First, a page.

From Table 4.3, the five cycles’ highest training accuracy with the relative method is obtained by random forest on normal data. The maximum test accuracy is achieved by NB on normal and reduced normal data as well as by RF on normal data. All three methods achieve the same test accuracy, but based on other performance metrics, RF with normal is comparatively better.

Performance metrics of Classifier on Relative method

**method** **type** **Accuracy** **Sensitivity** **Recall** **F1-score** **Precision**

1 LDA-RAW training 0.50 0.49 0.49 0.58 0.50 2 LDA-RAW testing 0.30 0.21 0.21 0.24 0.27 3 LDA-N training 0.54 0.56 0.56 0.54 0.58 4 LDA-N testing 0.48 0.50 0.50 0.50 0.50 5 LDA-RN training 0.62 0.63 0.63 0.67 0.63 6 LDA-RN testing 0.41 0.43 0.43 0.43 0.43 7 NB-RAW training 0.44 0.62 0.62 0.50 0.44 8 NB-RAW testing 0.48 0.86 0.86 0.63 0.50 9 NB-N training 0.56 0.36 0.36 0.40 0.56 10 NB-N testing 0.52 0.29 0.29 0.38 0.57 11 NB-RN training 0.58 0.45 0.45 0.45 0.52 12 NB-RN testing 0.52 0.43 0.43 0.48 0.55 13 RF-RAW training 0.49 0.46 0.46 0.48 0.56 14 RF-RAW testing 0.37 0.29 0.29 0.32 0.36 15 RF-N training 0.67 0.78 0.78 0.71 0.68 16 RF-N testing 0.52 0.71 0.71 0.61 0.53 17 RF-RN training 0.54 0.57 0.57 0.60 0.54 18 RF-RN testing 0.41 0.43 0.43 0.43 0.43

Table 4.3: Performance metrics of classifier using relative method on three data sets with five cycles.

4.4. Overall Analysis

It can be seen from Table 4.4 that the RF with normal data has the maximum training accuracy with the highest sensitivity and F1-score for the fractional method—the accuracy of the test is the highest for RF with reduced normal data.

Performance metrics of Classifier on Fractional method

**method** **type** **Accuracy** **Sensitivity** **Recall** **F1-score** **Precision**

1 LDA-RAW training 0.50 0.49 0.49 0.58 0.50 2 LDA-RAW testing 0.30 0.21 0.21 0.24 0.27 3 LDA-N training 0.54 0.56 0.56 0.54 0.58 4 LDA-N testing 0.48 0.50 0.50 0.50 0.50 5 LDA-RN training 0.59 0.56 0.56 0.60 0.63 6 LDA-RN testing 0.52 0.57 0.57 0.55 0.53 7 NB-RAW training 0.44 0.62 0.62 0.50 0.44 8 NB-RAW testing 0.48 0.86 0.86 0.63 0.50 9 NB-N training 0.56 0.36 0.36 0.40 0.56 10 NB-N testing 0.52 0.29 0.29 0.38 0.57 11 NB-RN training 0.48 0.47 0.47 0.42 0.48 12 NB-RN testing 0.44 0.36 0.36 0.40 0.45 13 RF-RAW training 0.49 0.46 0.46 0.48 0.56 14 RF-RAW testing 0.37 0.29 0.29 0.32 0.36 15 RF-N training 0.67 0.78 0.78 0.71 0.68 16 RF-N testing 0.52 0.71 0.71 0.61 0.53 17 RF-RN training 0.61 0.62 0.62 0.61 0.63 18 RF-RN testing 0.59 0.57 0.57 0.59 0.62

Table 4.4: Performance metrics of classifier using fractional method on five data sets with five cycles.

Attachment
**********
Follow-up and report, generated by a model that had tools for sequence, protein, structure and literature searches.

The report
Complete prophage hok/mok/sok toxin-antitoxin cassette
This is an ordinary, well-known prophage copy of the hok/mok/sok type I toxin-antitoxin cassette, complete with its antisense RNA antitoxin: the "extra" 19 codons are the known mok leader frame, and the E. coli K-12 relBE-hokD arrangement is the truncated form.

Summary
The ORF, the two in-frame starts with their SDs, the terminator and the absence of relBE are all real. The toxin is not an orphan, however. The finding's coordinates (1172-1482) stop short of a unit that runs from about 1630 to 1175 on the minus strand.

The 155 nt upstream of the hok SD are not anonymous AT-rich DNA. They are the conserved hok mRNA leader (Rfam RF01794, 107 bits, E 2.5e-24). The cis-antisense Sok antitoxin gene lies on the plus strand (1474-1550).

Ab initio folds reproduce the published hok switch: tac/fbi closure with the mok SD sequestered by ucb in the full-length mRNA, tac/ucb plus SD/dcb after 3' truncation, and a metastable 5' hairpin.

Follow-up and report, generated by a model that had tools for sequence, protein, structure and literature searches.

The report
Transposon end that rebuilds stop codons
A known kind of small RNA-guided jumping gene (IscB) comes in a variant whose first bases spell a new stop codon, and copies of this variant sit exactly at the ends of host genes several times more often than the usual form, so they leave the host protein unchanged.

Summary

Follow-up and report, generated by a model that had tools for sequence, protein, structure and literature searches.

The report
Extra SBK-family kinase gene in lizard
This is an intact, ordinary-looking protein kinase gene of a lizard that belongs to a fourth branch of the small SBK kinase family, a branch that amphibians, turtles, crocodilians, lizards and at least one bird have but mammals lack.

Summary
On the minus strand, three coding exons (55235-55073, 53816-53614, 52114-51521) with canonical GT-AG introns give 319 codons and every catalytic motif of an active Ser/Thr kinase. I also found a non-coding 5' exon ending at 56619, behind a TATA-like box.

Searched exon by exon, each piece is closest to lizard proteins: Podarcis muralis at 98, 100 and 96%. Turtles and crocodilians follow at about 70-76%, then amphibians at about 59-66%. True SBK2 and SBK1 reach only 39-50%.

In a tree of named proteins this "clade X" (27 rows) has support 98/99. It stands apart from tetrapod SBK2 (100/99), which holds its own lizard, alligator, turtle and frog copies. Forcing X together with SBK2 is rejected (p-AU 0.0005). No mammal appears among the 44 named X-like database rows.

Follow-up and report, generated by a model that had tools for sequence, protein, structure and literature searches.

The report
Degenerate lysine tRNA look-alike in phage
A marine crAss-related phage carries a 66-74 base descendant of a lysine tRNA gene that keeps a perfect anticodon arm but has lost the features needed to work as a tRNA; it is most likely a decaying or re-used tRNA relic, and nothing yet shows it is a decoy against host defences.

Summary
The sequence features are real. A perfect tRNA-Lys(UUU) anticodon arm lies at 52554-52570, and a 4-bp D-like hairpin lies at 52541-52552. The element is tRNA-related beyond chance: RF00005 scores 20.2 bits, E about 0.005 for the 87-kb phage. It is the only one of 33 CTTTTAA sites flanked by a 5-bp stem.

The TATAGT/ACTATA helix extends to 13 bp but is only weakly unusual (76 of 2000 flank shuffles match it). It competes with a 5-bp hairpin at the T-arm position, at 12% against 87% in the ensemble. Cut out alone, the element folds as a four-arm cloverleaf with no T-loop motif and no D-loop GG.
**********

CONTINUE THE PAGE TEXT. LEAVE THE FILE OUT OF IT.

**4.4.2**

**K=10 Folds with fifteen cycles**

Table 4.5, represent the result for the differential method with fifteen cycles. It can be noticed that RF with normal has the highest training accuracy, i.e., 56% with considerably good sensi-tivity and F1-score. The NB with normal and reduced normal have the highest test accuracy, but the former has a lower sensitivity and recall as compared to the later.

4.4. Overall Analysis

Performance metrics of Classifier on Differential method

**method** **type** **Accuracy** **Sensitivity** **Recall** **F1-score** **Precision**

1 LDA-RAW training 0.50 0.49 0.49 0.58 0.50 2 LDA-RAW testing 0.30 0.21 0.21 0.24 0.27 3 LDA-N training 0.48 0.48 0.48 0.52 0.47 4 LDA-N testing 0.33 0.36 0.36 0.36 0.36 5 LDA-RN training 0.65 0.66 0.66 0.70 0.65 6 LDA-RN testing 0.41 0.43 0.43 0.43 0.43 7 NB-RAW training 0.44 0.62 0.62 0.50 0.44 8 NB-RAW testing 0.48 0.86 0.86 0.63 0.50 9 NB-N training 0.52 0.23 0.23 0.23 0.30 10 NB-N testing 0.56 0.29 0.29 0.40 0.67 11 NB-RN training 0.56 0.42 0.42 0.46 0.64 12 NB-RN testing 0.56 0.43 0.43 0.50 0.60 13 RF-RAW training 0.49 0.46 0.46 0.48 0.56 14 RF-RAW testing 0.37 0.29 0.29 0.32 0.36 15 RF-N training 0.67 0.68 0.68 0.68 0.74 16 RF-N testing 0.44 0.43 0.43 0.44 0.46 17 RF-RN training 0.53 0.49 0.49 0.51 0.56 18 RF-RN testing 0.52 0.43 0.43 0.48 0.55

Table 4.5: Performance metrics of classifier using differential method on three data sets with fifteen cycles.

Table 4.6, represent the result for the relative method with fifteen cycles. RF with normal data again has the best training performance. The highest test accuracy is reached by NB with normal data, but the sensitivity, recall, and F1-score are very low.

Performance metrics of Classifier on Relative method

**method** **type** **Accuracy** **Sensitivity** **Recall** **F1-score** **Precision**

1 LDA-RAW training 0.50 0.49 0.49 0.58 0.50 2 LDA-RAW testing 0.30 0.21 0.21 0.24 0.27 3 LDA-N training 0.57 0.61 0.61 0.58 0.60 4 LDA-N testing 0.48 0.36 0.36 0.42 0.50 5 LDA-RN training 0.62 0.68 0.68 0.68 0.60 6 LDA-RN testing 0.30 0.36 0.36 0.34 0.33 7 NB-RAW training 0.44 0.62 0.62 0.50 0.44 8 NB-RAW testing 0.48 0.86 0.86 0.63 0.50 9 NB-N training 0.54 0.25 0.25 0.26 0.37 10 NB-N testing 0.52 0.29 0.29 0.38 0.57 11 NB-RN training 0.63 0.53 0.53 0.53 0.55 12 NB-RN testing 0.44 0.36 0.36 0.40 0.45 13 RF-RAW training 0.49 0.46 0.46 0.48 0.56 14 RF-RAW testing 0.37 0.29 0.29 0.32 0.36 15 RF-N training 0.64 0.60 0.60 0.62 0.75 16 RF-N testing 0.44 0.57 0.57 0.52 0.47 17 RF-RN training 0.52 0.57 0.57 0.54 0.53 18 RF-RN testing 0.48 0.50 0.50 0.50 0.50

Table 4.6: Performance metrics of classifier using relative method on three data sets with fif-teen cycles.

4.4. Overall Analysis

In case of fifteen cycle Table 4.7, the NB with reduced normal data has the highest training accuracy with a sensitivity of 51%. The highest test accuracy is also produced by NB classifier, but the sensitivity and F1-score, in this case, are very low on normal data.

Performance metrics of Classifier on Fractional method

**method** **type** **Accuracy** **Sensitivity** **Recall** **F1-score** **Precision**

1 LDA-RAW training 0.50 0.49 0.49 0.58 0.50 2 LDA-RAW testing 0.30 0.21 0.21 0.24 0.27 3 LDA-N training 0.57 0.61 0.61 0.58 0.60 4 LDA-N testing 0.48 0.36 0.36 0.42 0.50 5 LDA-RN training 0.62 0.63 0.63 0.66 0.62 6 LDA-RN testing 0.44 0.50 0.50 0.48 0.47 7 NB-RAW training 0.44 0.62 0.62 0.50 0.44 8 NB-RAW testing 0.48 0.86 0.86 0.63 0.50 9 NB-N training 0.54 0.25 0.25 0.26 0.37 10 NB-N testing 0.52 0.29 0.29 0.38 0.57 11 NB-RN training 0.65 0.51 0.51 0.55 0.65 12 NB-RN testing 0.44 0.29 0.29 0.35 0.44 13 RF-RAW training 0.49 0.46 0.46 0.48 0.56 14 RF-RAW testing 0.37 0.29 0.29 0.32 0.36 15 RF-N training 0.64 0.60 0.60 0.62 0.75 16 RF-N testing 0.44 0.57 0.57 0.52 0.47 17 RF-RN training 0.64 0.65 0.65 0.63 0.65 18 RF-RN testing 0.48 0.43 0.43 0.46 0.50

Table 4.7: Performance metrics of classifier using fractional method on five data sets with fifteen cycles.